One day, when Angus was about three years old, I cleaned out a closet and unexpectedly found the plastic water pitcher that had been by my hospital bed. In an instant, the lighthouse in my head revolved, and everything went white and cold. I was certain that the baby was in danger so certain that I had to run to the bathroom and vomit. I dont know why this surprised me, or why I thought I would be different, immune to the after-effects of my ordeal. All survivors have scars.

Main illustration by Dom McKenzie

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Read more: https://www.theguardian.com/lifeandstyle/2017/oct/24/88-days-trapped-in-bed-to-save-a-pregnancy-bed-rest

How Much Sex Should You Have If You Want To Get Pregnant?

The announcement that sex leads to pregnancy is ten thousand-year-old news, but Indiana University scientists have given it a new spin by confirming the suspicion that sex throughout the menstrual cycle increases the chance of conception. Besides helping those struggling to conceive, the findings could have implications for wider understanding of the immune system.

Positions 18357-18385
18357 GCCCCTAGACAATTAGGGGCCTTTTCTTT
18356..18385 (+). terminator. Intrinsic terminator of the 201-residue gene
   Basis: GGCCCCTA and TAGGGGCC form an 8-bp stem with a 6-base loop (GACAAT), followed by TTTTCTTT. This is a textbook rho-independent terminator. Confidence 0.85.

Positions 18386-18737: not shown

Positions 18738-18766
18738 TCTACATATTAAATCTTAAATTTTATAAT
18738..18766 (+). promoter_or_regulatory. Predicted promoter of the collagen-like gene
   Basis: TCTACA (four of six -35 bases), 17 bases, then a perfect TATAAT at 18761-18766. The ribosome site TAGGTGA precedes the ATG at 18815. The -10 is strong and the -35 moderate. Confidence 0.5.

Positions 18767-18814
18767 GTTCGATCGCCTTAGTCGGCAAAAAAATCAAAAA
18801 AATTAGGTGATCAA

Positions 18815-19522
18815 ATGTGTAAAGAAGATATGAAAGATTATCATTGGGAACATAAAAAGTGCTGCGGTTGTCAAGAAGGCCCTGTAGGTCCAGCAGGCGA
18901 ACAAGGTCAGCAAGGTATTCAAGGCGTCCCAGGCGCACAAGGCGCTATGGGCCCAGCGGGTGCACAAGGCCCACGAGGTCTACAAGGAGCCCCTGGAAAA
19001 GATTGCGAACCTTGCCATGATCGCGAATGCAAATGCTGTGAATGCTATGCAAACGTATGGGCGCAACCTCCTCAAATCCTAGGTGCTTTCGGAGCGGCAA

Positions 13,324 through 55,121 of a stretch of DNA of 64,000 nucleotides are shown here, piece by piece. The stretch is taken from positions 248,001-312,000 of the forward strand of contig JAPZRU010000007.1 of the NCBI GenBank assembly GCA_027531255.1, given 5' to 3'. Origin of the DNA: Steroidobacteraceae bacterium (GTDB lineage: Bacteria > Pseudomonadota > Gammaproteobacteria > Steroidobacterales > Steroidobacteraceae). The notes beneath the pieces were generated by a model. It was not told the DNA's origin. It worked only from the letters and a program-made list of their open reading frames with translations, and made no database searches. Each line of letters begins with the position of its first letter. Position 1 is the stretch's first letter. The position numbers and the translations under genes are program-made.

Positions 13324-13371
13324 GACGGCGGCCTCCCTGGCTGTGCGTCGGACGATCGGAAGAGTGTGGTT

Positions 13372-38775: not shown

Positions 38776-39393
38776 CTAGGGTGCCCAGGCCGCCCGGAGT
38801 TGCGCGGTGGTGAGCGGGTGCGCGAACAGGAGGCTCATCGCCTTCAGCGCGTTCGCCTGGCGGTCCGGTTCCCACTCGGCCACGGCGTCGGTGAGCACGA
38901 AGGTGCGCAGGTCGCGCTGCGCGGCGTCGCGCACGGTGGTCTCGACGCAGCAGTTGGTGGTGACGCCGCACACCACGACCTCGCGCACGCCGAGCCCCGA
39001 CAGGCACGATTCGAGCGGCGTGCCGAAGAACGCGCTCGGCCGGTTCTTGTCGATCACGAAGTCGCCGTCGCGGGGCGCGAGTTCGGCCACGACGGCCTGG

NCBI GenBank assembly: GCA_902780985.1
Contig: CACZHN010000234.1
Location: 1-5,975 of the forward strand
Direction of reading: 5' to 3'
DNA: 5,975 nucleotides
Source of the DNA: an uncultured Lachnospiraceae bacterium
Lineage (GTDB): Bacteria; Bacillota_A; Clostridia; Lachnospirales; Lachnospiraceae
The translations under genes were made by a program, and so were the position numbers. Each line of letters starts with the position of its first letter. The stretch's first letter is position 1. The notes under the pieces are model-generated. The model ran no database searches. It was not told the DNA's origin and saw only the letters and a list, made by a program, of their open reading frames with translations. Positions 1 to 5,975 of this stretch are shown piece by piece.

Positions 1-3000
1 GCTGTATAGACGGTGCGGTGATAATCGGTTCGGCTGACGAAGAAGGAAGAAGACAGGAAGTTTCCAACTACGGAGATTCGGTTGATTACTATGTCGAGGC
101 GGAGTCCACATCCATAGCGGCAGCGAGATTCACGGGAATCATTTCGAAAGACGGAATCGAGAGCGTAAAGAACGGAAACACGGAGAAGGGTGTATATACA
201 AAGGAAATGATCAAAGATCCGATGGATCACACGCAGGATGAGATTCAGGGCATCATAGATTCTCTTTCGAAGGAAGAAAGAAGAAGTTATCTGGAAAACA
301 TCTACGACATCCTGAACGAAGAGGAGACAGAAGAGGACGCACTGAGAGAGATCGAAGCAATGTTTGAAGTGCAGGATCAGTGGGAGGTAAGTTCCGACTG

“It’s a common recommendation that partners trying to have a baby should engage in regular intercourse to increase the womans chances of getting pregnant even during so-called ‘non-fertile’ periods although its unclear how this works,” said Dr Tierney Lorenzin a statement.

It sounds like anexcuse for people who really just want to have more sex look we need extra practice but Lorenz is the lead author of two papers released in the last month showing the advice has substance.

Sperm, and the fertilized egg, run the risk of being rejected by the mother’s immune system as foreign objects, so it makes evolutionary sense that there might be a trigger to make the body’s defenses less hyper-alert when pregnancy is a possibility.

Previousstudies have produced contradictory resultsabout changes to women’s immune systems during the menstrual cycle. Lorenz suggests this may be because they failed to ask about sexual activity. Certain changes might be expected, only in women who are reproductively active that is, regularly engaging in sexual activity, she and her co-authors write in Physiology and Behavior.